Wednesday, January 13, 2016

Study Spotlight: Sleep "LOW", Perform Better but Don't Worry About Elevation

By: Andrew Jagim

People often use the phrases "Train low, live high" to describe a style of training that utilizes the benefits of our body's ability to adapt to living at altitude as a result of several physiological adaptations. However, recently investigators have taken this same catch phrase and applied it to the idea of training or sleeping in a "low carb" state or more specifically a glycogen-deleted state.  Typically our bodies rely on digested carbohydrates with are stored within the body as muscle and liver glycogen for energy during periods of training and recovery.

So when our bodies have low carbohydrate availability it is then forced to look elsewhere for alternative fuel sources.  By forcing the body to use alternative fuel sources it may stimulate some physiological and metabolic adaptations (i.e. increase aerobic enzyme content, increase mitochondrial density etc.) to occur that better allow the body to utilize fat as a fuel source for example which could provide a performance advantage during competition.

Recently a team of investigators sought out to determine when was the best time to train, in regards to the availability of carbohydrates for fuel.

What did they do?
The researchers divided 21 triathletes into two groups: A diet manipulation group which underwent a 3-week training/diet intervention and a control group. The diet group completed a 3-week training/diet period which consisted of train-high interval training, overnight carb restriction "sleep low" and 3) "Train-low" sessions with low endogenous and exogenous carb availability. The control group followed the same training program but with high carb availability throughout the training sessions.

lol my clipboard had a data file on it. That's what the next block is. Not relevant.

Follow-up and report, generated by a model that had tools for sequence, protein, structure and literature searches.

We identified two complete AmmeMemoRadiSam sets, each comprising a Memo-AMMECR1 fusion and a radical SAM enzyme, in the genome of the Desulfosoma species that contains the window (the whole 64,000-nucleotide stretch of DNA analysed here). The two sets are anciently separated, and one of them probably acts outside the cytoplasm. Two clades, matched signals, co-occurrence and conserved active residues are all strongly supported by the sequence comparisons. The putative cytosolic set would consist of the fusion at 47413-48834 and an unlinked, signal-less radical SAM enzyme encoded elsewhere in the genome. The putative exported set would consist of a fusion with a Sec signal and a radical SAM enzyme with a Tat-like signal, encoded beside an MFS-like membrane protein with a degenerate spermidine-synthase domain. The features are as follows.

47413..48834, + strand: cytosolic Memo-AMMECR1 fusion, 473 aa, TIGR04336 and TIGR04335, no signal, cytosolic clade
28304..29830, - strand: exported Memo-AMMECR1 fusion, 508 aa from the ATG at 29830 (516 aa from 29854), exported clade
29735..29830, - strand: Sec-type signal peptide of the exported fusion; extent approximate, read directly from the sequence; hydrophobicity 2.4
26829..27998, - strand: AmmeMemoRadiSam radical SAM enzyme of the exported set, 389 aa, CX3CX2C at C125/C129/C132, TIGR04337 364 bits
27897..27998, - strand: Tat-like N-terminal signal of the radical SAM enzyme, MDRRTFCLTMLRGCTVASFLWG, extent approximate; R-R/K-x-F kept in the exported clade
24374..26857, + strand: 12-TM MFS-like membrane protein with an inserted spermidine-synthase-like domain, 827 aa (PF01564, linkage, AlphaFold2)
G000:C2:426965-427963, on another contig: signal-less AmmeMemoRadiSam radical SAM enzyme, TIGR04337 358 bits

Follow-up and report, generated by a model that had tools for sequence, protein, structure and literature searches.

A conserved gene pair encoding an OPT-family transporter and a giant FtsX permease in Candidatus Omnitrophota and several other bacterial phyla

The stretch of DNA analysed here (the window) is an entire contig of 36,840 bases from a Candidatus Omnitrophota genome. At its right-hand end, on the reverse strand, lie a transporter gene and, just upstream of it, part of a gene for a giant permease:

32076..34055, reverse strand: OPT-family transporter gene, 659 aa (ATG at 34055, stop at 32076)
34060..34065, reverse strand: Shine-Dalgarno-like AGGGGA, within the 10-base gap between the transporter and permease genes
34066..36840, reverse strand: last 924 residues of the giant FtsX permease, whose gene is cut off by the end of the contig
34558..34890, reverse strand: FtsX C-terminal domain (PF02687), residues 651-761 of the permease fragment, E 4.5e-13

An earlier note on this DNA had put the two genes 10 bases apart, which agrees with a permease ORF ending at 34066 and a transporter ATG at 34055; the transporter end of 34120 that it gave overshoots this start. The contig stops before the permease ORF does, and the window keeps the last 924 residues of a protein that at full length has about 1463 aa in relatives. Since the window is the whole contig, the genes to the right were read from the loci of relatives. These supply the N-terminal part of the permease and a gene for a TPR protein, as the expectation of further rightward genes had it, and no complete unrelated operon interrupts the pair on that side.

What did they find?
The researchers found a significant improvement in delta efficiency during sub-max cycling in the "Sleep low" group versus the control.  They also found an improvement in the supra-maximal cycling to exhaustion test at 150% of peak aerobic power and 10 km performance in the "sleep low" group.  Not to mention, the "sleep low" group also experienced a significant reduction in fat-mass.

The authors concluded that short-term periodization of dietary carbohydrates around periods of training may positively influence performance in cycling energy efficiency and time to exhaustion during a maximal cycling test.  Try completing some HIIT training first-thing in the morning before you have breakfast to take advantage of this apparent "sleep low" phenomenon.  WARNING, this may take several weeks for your body to adapt and your first couple of training sessions may be a struggle as you get accustomed to the "low-carb" state.

Reference Article Here

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